Cloud Atlas is in many ways a staggering achievement, a film from three different writer / directors with an all-star cast each taking on numerous roles across the spectrum of age, race and even gender, encased in a storyline spanning several hundred years through the past, present and into the distant future. As such this hugely ambitious film is something of a sprawling cinematic conundrum, truly epic in scope, with endless visionary avidity, a real multiplicity of ideas and underlying ideologies each of which come to be unified by the grand theme of freedom via ultimate inter-connecting destinies. Cloud Atlas is rather like watching six films at once, as structurally the various time lines and sagas dart back and forth via seamless editing, although such a concept can be overbearing and almost too much to absorb in a single sitting, as a density of ideas and styles interweave throughout the narrative tapestry. By its very overreaching nature Cloud Atlas is undeniably flawed in places, there's some particularly risible dialogue at times, as well as an over-reliance on pseudo philosophical and theological rambling, which also gets weighed down further at times by mawkish sentimentality. However, if you are willing to overlook such faults, and set aside snobbery, there's the opportunity to be rewarded by a film which is without question a technical, visual and logistical marvel, its cumulative time-spanning stories delivering a rich, rewarding experience. This is the sort of adventurous film that just doesn't get made anymore, a massively high-reaching, risk-taking movie which breaks just about every perceived rule of the modern day blockbuster by being full of ambition, inspiration, originality and artistry.
Visually astonishing, technically revolutionary, very much a ground zero film for the true potential of 3D, Gravity was cinema as a genuinely immersive experience and in many ways the not inconsiderable hype surrounding it was entirely justified.
What I still wonder about Gravity though is just how much it relies on its jaw-dropping visual trickery, especially in stunning stereoscopic form? Because without such zero gravity gimmickry, the basic plot is just that.....basic. It really is a very routine and incredibly minimalist survival storyline which piles on the peril thicker than a drag queen's make-up to paper over its narrative shortcomings. Yes there are moments of genuine raw emotional impact here and undeniable nail-gnawing tension at times, but it's not any kind of spoiler to assume that despite their seemingly insurmountable plight everybody doesn't perish. Mainstream Hollywood films just don't work like that. Besides, there's a strong spiritual subtext running throughout and none too subtle visual hints about birth and rebirth (glaringly obvious foetal metaphor anyone?), that outline precisely where this is headed. Even at the film's bleakest, most desperate, most heart-wrenching moment when a single tear floats towards us as the rest of the screen evaporates into fading nothingness, we're still fully aware redemption is on the cards, so the sense of jeopardy remains tempered.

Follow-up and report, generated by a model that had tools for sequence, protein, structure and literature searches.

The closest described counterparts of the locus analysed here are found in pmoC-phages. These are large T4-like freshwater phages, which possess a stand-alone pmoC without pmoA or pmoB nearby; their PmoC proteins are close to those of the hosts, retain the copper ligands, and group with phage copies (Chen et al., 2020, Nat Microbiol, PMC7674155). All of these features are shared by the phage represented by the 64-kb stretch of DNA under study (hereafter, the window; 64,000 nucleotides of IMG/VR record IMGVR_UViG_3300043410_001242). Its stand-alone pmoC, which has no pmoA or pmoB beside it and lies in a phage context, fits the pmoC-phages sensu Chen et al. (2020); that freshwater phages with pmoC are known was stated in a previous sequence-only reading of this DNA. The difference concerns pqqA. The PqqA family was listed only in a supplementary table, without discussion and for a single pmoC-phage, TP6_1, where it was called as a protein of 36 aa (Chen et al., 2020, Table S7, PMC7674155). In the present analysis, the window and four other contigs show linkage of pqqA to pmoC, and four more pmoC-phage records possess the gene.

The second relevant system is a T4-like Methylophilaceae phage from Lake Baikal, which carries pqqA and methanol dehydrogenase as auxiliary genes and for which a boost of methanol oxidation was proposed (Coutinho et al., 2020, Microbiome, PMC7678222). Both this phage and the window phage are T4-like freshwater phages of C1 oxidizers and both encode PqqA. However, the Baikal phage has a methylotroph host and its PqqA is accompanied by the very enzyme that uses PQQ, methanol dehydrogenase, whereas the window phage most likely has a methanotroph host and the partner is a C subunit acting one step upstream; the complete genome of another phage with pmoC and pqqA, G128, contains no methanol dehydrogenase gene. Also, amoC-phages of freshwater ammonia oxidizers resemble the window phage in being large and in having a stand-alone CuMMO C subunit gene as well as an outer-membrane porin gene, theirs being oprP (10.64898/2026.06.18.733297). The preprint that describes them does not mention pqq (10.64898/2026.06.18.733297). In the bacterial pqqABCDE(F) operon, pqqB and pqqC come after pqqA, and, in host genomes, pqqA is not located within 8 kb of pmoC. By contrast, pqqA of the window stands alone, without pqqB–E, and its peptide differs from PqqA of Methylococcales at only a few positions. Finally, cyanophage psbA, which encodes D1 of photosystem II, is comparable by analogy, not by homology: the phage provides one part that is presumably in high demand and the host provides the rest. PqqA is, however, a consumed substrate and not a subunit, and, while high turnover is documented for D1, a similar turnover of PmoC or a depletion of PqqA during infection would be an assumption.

It will be very interesting indeed to watch Gravity again in the near future, on a television, in intimate surroundings, away from the initial hype, excitement and cinema projection theatrics, to see if it holds up on a fundamental dramatic level. But based solely on that single cinema screening in November, Gravity is in many ways a game changer - a technical, artistic and cultural watershed moment in the evolution of movies, which truly encapsulate the pure escapist, immersive and wondrous quality of cinema as an artform.

From the initial pirate pursuit to the exhilarating boarding sequence, right through to the prolonged white-knuckle hostage siege and its raw, arduous coda, Paul Greengrass is back on pulsating United 93 form here, milking every last drop of nerve-shredding suspense from another traumatic true-life story. Bolstered by arguably a career-best turn from Tom Hanks whose character arc flows from affable everyman with a neat line in resourceful one-upmanship, to the blunt realisation of just how out of his depth, vulnerable and perilous his plight has become. Matching him stride for stride is an astonishing debut performance from Barkhad Abdi as the head of the Somali pirates who acts as a perfect counterfoil, two starkly contrasting captains literally a world apart.